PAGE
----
Dealing With Nighttime Enuresis in Children

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Dealing With Nighttime Enuresis in Children

Many children have occasional enuresis, or wetting at nighttime, even though they have been toilet trained for years. Quite a few children who have been traumatized by interpersonal violence will have nighttime (and even day time) wetting that is often not effectively treated by medication or restriction of liquids. Even older children may have nighttime wetting; it is not uncommon for the problem to continue to occur in children who are victims of PTSD even into their teen years.

If medication and liquid restrictions do not help, what should you do? The first step is to accept that the wetting issue may not go away quickly or easily. The second thing to remember is that even though it is a frustrating problem, you should refrain from becoming punitive with the child when they wet. Giving consequences will likely only make the situation worse, and begin to erode and damage your relationship with the child. Once you have accepted these basic ideas, you can move on to the practical coping strategies listed below.

If the child is clearly in control of their bladder in the daytime, and the child is above the age of three or four, resist putting nighttime diapers or 'pull-ups' on the child. The reason for this is that when diapers are used, the child is being behaviorally shaped to depend on them. In other words, the longer they wear the diapers, the longer they will wear the diapers. As the child gets older, this is a social embarrassment as bad as wetting the bed. Diapers do not solve the wetting problem. For children to learn how to avoid wetting, they need to be able to feel the wetness on their skin!

Your next step is to get a cover for the child's mattress. Not just a top cover, but an all encasing, heavy plastic cover. In most cases, new mattresses are sealed in a plastic that is perfect. You can find some waterproof encasement covers in mattress stores or on the Internet. Then, be sure to have at least two or three sets of fitted bottom and top sheets, as well as a n extra blanket for the child's bed, so that there will always be a change of sheets available. You can take a regular top sheet and fold into quarters and place it under the area where the child's bottom lies, then put the regular fitted bottom sheet over this. Of course, if the child moves around the bed a lot, this measure may not have the intended absorption effect. It is a good idea to encase the child's pillow in the same fashion, because pillows can get wet too!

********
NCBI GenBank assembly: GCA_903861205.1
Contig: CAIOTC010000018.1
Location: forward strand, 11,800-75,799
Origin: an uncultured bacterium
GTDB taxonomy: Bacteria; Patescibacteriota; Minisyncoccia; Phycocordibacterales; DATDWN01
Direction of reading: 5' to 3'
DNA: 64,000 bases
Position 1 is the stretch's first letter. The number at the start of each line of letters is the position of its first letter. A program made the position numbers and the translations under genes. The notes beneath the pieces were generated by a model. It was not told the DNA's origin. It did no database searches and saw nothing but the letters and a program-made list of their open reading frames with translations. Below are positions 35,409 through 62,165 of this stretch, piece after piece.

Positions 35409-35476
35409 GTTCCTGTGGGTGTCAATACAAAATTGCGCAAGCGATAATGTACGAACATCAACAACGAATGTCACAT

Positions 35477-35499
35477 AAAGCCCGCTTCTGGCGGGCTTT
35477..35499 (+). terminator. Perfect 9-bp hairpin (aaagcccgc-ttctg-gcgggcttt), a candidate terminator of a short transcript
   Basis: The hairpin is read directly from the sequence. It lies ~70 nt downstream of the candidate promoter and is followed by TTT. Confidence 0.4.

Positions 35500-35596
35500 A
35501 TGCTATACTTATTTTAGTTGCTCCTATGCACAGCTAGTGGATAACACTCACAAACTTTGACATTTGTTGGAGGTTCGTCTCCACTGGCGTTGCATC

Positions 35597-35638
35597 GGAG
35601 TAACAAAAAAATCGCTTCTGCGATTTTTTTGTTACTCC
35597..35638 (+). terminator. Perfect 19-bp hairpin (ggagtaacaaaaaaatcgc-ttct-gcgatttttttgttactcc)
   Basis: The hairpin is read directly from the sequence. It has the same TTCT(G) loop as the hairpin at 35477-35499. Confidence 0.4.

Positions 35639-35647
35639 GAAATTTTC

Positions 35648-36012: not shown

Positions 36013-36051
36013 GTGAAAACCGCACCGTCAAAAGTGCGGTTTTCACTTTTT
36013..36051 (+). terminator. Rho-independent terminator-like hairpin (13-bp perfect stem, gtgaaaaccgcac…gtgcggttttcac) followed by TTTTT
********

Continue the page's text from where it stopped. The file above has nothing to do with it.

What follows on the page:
If the child wakes in the middle of the night to tell you they are wet, you should help the child first to take a quick shower, not just clean up with wet wipes and change clothes and sheets. The child should strip the bed following the shower, and take the wet sheets to the laundry area to be washed later. The reason for these measures is to make the wetting incidents a bit uncomfortable, not to mention press home to the child that wetting clean up is their responsibility. All of these procedures should be done in a matter of fact manner; try to hide the fact that you are tired and irritated by the problem. By the same token, if the child discovers they are wet in the morning, the same procedure should be done.

If the child sleeps through their wetting and it is not discovered till morning, you might want to try to ascertain when they usually wet. In most cases, this is either during their dreaming (intrusive nightmares about their abuse) or in deep sleep. You can check at intervals throughout the night to try and ascertain a pattern. If a pattern is found, you have a shot at being able to wake the child about thirty to sixty minutes before the known wetting time to use the toilet.

Last of all, there are devices on the market that sound an alarm when the child begins to urinate at night. Some are pads under the bottom sheet, while others clip to the inside of the child's underwear. The child will still wet themselves, but the idea is that the alarm begins to teach the child's sleeping mind how to pay attention to their full bladder, and to wake themselves up, instead of having an annoying alarm do this. Some of these alarms can be fairly costly, and have varying degrees of claimed success.

Bill Krill is a guest writer and a Child and Adolescent Mental and Behavioral Health professional trainer. You can read more about his services on his parent education, support, and coaching web site.

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